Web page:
Doris Day’s dog-friendly California home has gone on the market more than a year after death for $7.4million.
The nine-acre property is in Carmel Valley near Monterey, where Day relocated around 1980 after worrying that she could run afoul of Beverly Hills laws which restricted how many pets she could have on her property.
‘The Man Who Knew Too Much’ actress has fallen in love with the neighborhood, which celebrities such as Clint Eastwood also call home, while she was filming ‘Julie’ in the area in 1956.
Living in the home for almost four decades, the main house is painted butter-yellow, her favorite color, and former neighbors says it was once full of tens of rescue dogs Day would take in.
Doris Day had most of the property painted her favorite color butter yellow but would use bright red for a burst of color
The bedrooms featured loft ceilings with their own living space. Day expanded the main house into a three bedroom
Day moved into the Carmel Valley home after the cancellation of ‘The Doris Say Show’ but she brought antiques from the set
The main bedroom features its own living room and a fireplace. Day lived here for almost four decades
Proceeds from the sale of the home are set to go to the late actress’s animal foundation, which is currently working to support the rescue of animals from the California wildfires.
According to the Wall Street Journal, Day was such as massive fan of dogs that her rescues even had their own kitchen in the house, where she would make them her prized turkey meatloaf sandwiches.
There was also space for their dog beds, which were wrapped in Ralph Lauren sheets.
Day, one of the biggest movie stars of the 19050s and 60s, moved into the home with her fourth husband, Barry Comden, a maître d’. The couple divorced in 1982.
They expanded the property into a 7,000 sq. ft three-bedroom with Day painting both the main house and the one-bedroom guest house in her signature butter yellow.
In contrast, the gate house with two apartments is painted a bright red, which Day is said to have chosen as her go-to decorative color.
Inside the main house, the classic actress went for neutral-tone furniture and simplistic designs.
Although she moved in years after her sitcom ‘The Doris Day Show’ was canceled, she brought with her antique furniture she had picked out for the set and paired them with plain linen sofas.
Inside the main house, the classic actress went for neutral-tone furniture and simplistic designs as seen here
The property has now been put on the market for $7.4million more than a year after Day’s death
The property is 7,000sq ft and Day considered it a haven for her and her rescue dogs
The property sits at the top of a knoll overlooking Carmel Valley where Clint Eastwood also calls home
The Wall Street Journal reports that she would often paint over the antiques to make them cream, most likely reducing their value but making them fit in better with her bright and plain décor.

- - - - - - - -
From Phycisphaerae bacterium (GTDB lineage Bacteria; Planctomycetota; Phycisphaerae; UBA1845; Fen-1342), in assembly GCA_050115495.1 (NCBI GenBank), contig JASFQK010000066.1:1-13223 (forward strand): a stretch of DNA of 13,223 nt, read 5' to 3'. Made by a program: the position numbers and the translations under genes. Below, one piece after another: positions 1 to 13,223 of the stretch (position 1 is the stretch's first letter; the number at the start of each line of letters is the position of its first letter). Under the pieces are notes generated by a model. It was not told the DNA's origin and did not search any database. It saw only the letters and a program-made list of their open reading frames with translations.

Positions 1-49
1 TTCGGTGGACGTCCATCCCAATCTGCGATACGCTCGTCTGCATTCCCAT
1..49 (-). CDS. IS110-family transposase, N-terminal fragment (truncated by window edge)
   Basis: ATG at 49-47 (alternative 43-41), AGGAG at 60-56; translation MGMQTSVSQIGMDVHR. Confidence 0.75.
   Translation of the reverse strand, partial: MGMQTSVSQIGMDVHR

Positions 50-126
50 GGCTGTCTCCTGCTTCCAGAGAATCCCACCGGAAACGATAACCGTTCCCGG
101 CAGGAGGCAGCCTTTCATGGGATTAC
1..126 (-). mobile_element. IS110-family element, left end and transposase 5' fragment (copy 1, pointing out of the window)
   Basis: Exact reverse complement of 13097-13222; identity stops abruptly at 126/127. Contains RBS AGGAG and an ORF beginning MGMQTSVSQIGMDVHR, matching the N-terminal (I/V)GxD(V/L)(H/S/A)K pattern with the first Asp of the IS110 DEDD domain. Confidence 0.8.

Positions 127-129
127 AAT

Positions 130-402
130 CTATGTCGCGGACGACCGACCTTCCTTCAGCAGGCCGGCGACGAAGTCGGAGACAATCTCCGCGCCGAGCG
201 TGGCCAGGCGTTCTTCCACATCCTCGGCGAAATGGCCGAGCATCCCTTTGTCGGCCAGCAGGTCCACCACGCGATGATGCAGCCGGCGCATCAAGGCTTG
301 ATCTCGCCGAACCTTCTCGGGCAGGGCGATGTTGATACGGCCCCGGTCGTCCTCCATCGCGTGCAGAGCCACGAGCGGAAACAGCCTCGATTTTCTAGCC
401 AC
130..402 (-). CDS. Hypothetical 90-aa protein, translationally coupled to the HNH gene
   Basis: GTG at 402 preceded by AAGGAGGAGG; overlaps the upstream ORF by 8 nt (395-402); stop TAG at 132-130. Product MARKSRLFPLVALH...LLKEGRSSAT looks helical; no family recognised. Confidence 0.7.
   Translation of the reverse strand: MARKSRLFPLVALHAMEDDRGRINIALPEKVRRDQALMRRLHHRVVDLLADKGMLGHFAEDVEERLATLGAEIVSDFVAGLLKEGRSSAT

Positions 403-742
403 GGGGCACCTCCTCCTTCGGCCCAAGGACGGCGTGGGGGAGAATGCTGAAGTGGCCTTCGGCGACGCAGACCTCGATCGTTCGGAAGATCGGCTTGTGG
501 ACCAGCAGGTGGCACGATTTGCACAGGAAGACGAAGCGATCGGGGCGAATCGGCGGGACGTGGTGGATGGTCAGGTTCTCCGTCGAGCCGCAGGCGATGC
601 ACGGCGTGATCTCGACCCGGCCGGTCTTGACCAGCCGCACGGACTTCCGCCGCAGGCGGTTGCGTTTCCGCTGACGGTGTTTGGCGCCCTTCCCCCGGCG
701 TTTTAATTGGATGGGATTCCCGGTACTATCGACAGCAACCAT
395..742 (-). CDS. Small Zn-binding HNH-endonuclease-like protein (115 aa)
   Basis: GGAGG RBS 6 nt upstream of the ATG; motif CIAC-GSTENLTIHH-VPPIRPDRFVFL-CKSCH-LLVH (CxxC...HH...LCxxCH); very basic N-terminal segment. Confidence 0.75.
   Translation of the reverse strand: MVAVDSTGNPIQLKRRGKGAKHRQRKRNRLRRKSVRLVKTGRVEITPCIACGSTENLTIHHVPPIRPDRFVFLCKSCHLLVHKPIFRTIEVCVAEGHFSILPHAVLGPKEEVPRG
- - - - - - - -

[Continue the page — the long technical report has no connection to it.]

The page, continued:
The house offers a view over the adjacent golf club, sitting on a knoll overlooking Carmel Valley with a carefully manicured patio area outside.
The bedrooms feature lofty ceilings, all in line with Day’s neutral palette.
One of the bedrooms has its own living space and a fireplace, with other cozy reading nooks spotted around the property.
The main living room also features a majestic stone fireplace which can be looked down upon from the first floor.
The home was a haven for Day who could take in all the rescue dogs she desired, although not without complaints from some neighbors about the barking.
The main living room features a majestic stone fireplace that can be looked upon from the first floor
Day’s possessions were sold at auction in April. They brought in $3million
The exterior is also painted a butter yellow as it was the late actress’s favorite
Day’s possessions were put in display in the beautiful house before they were sold earlier this year
Pictured some of the items that were sold at auction after Day died in May 2019 of pneumonia, aged 97
Her love of the animal started early when her dog Tiny stayed by her side after a car accident in 1937 injured her leg and paused her dancing career.
Her friend Bob Bashara, now chief executive of her animal foundation, told the Wall Street Journal he only ever remembers seeing 10 to 12 dogs on the property, but former neighbor Doug Steiny said he remembers as many as 50 at its height.
Steiny, now a listing agent, was friends with Day’s son Terry Melcher and remembers how his mom would be unhappy at the noise of that many animals.
‘The dogs would bark like crazy, and my mom would get all mad. I’d call Terry and say, “Our moms are fighting again”,’ he said.
Day used bursts of red throughout the house as her ‘decorative color’
Outside, the stone walkways are beautifully manicured. The house looks over a local golfcourse
The nine-acre property is in Carmel Valley near Monterey, where Day relocated around 1980
The ‘Calamity Jane’ star died of pneumonia aged 97 in May 2019 and her possessions remaining in the house were auctioned off earlier this year.
The items were displayed in the home and Beverly Hills-based Julien’s Auctions said they brought in about $3million in April.
Among them was a painting by singer Tony Bennett, a dress Day wore to the 1989 Golden Globes, a yellow vase given to her by Paul McCartney, and a landscape of a country lane that friends said reminded Day of where she grew up in Cincinnati.
Steiny is now listing the property with his wife Lisa with Sotheby’s International Realty and expects that there will be a lot of demand, thanks to both its celebrity status and the uptick in tech workers moving to the area as a result of working from home during the coronavirus pandemic.